has been hampered by corruption which is a form of money laundering.
Who are Forensic Accountants?
Forensic accountants may be involved in recovering proceeds of crime and in relation to
confiscation proceedings concerning actual or assumed proceeds of crime or money laundering.
Some forensic accountants are also Certified Fraud Examiners, Certified Public Accountants,
Certified Anti Money Laundering Specialists, or Chartered Accountants.
Forensic accountants utilize an understanding of business information and financial reporting
systems, accounting and auditing standards and procedures, evidence gathering and investigative
techniques, and litigation processes and procedures to perform their work.
Are There Differences Among Forensic Accountants?
The major difference lies in the focus. While some may focus on fraud, others may focus on
money laundering. No matter the differences, adequate training and hands on experience will
determine the level of expertise.
Forensic accountants are also increasingly playing more proactive risk reduction roles by
designing and performing extended procedures as part of the statutory audit, acting as advisers to
audit committees, fraud deterrence engagements, and assisting in investment analyst research.
Who is an Expert Witness?
An expert witness is a witness, who by virtue of education, training, skill, or experience, is
believed to have knowledge in a particular subject beyond that of the average person, sufficient
that others may officially (and legally) rely upon the witness's specialized (scientific, technical or
other) opinion about an evidence or fact issue within the scope of their expertise, referred to as
the expert opinion, as an assistance to the fact-finder. Expert witnesses may also deliver expert
evidence about facts from the domain of their expertise. At times, their testimony may be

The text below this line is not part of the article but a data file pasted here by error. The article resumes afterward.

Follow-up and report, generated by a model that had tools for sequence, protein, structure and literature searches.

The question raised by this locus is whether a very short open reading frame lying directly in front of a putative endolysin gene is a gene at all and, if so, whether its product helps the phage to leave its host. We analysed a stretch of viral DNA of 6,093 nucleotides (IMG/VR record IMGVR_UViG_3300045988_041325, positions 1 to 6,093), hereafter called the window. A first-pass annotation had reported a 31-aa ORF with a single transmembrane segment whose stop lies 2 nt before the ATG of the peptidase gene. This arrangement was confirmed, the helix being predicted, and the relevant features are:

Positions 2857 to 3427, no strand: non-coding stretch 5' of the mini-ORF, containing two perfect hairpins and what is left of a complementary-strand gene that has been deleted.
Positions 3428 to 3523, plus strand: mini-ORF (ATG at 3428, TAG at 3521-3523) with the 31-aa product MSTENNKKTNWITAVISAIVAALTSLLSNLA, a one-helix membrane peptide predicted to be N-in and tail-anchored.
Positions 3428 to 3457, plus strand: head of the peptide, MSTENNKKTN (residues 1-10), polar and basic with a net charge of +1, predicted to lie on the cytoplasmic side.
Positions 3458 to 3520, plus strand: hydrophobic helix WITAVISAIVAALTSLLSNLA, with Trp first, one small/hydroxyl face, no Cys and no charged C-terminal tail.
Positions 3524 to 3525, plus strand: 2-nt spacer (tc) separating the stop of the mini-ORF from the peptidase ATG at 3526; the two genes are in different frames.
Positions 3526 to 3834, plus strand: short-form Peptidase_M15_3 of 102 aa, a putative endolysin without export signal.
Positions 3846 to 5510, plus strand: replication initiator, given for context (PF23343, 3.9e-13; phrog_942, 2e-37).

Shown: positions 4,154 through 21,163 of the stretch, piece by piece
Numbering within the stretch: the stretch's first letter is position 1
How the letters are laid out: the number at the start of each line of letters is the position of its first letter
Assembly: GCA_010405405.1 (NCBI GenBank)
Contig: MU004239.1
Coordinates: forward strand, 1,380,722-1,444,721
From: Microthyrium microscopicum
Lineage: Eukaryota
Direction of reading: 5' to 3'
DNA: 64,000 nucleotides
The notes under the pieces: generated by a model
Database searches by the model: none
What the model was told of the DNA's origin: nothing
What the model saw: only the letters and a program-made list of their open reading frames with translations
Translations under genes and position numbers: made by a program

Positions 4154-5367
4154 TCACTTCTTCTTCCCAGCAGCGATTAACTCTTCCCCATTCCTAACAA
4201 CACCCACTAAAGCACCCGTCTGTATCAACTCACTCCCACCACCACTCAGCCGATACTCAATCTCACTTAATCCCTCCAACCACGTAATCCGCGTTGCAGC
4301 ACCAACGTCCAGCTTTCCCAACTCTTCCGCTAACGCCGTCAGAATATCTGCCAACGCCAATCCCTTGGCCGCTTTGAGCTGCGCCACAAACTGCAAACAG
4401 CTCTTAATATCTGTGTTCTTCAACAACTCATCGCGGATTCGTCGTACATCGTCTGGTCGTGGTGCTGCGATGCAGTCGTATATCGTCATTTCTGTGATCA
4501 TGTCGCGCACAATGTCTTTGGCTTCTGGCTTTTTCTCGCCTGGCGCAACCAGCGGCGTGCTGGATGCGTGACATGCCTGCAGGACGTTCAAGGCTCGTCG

rebutted with a learned treatise, sometimes to the detriment of their reputations.
What is the role of an Accountant as an Expert Witness?
The principal role of a Forensic Accountant is to Analyze, Interpret, Summarize and Present
Complex Business and Financial deals in a logical, understandable manner supported with facts.
As an Expert Witness, the Forensic Accountant must (a) Investigate and Analyze Financial
information. (b) Develop Computerized applications (if applicable) to Assist in the Analysis and
Presentation of Financial information. In addition, an Expert Witness must:
Communicate Findings in the form of a Report and supporting documents.
Assist in any Legal Proceedings.
Assist in obtaining documentation necessary to support or refute a claim.
Review of the relevant documentation to form an initial assessment of the case and
identify areas of loss.
Assist with Examination for Discovery including the formulation of questions to be asked
regarding the financial evidence.
Attend the Examination for Discovery to review the testimony, assist with understanding
the financial issues and to formulate additional questions to be asked.
Review of the opposing expert's damages report and reporting on both the strengths and
weaknesses of the positions taken.
Assist with settlement discussions and negotiations.
Attend trial to hear the testimony of the opposing expert and to provide assistance with
Source: Alan Zysman B.Comm, CA·IFA, CFE has been in practice since 1984. His firm Zysman Forensic Accounting Inc.
located in Toronto, Ontario, Canada specializes in the provision of Investigative and Forensic Accounting services.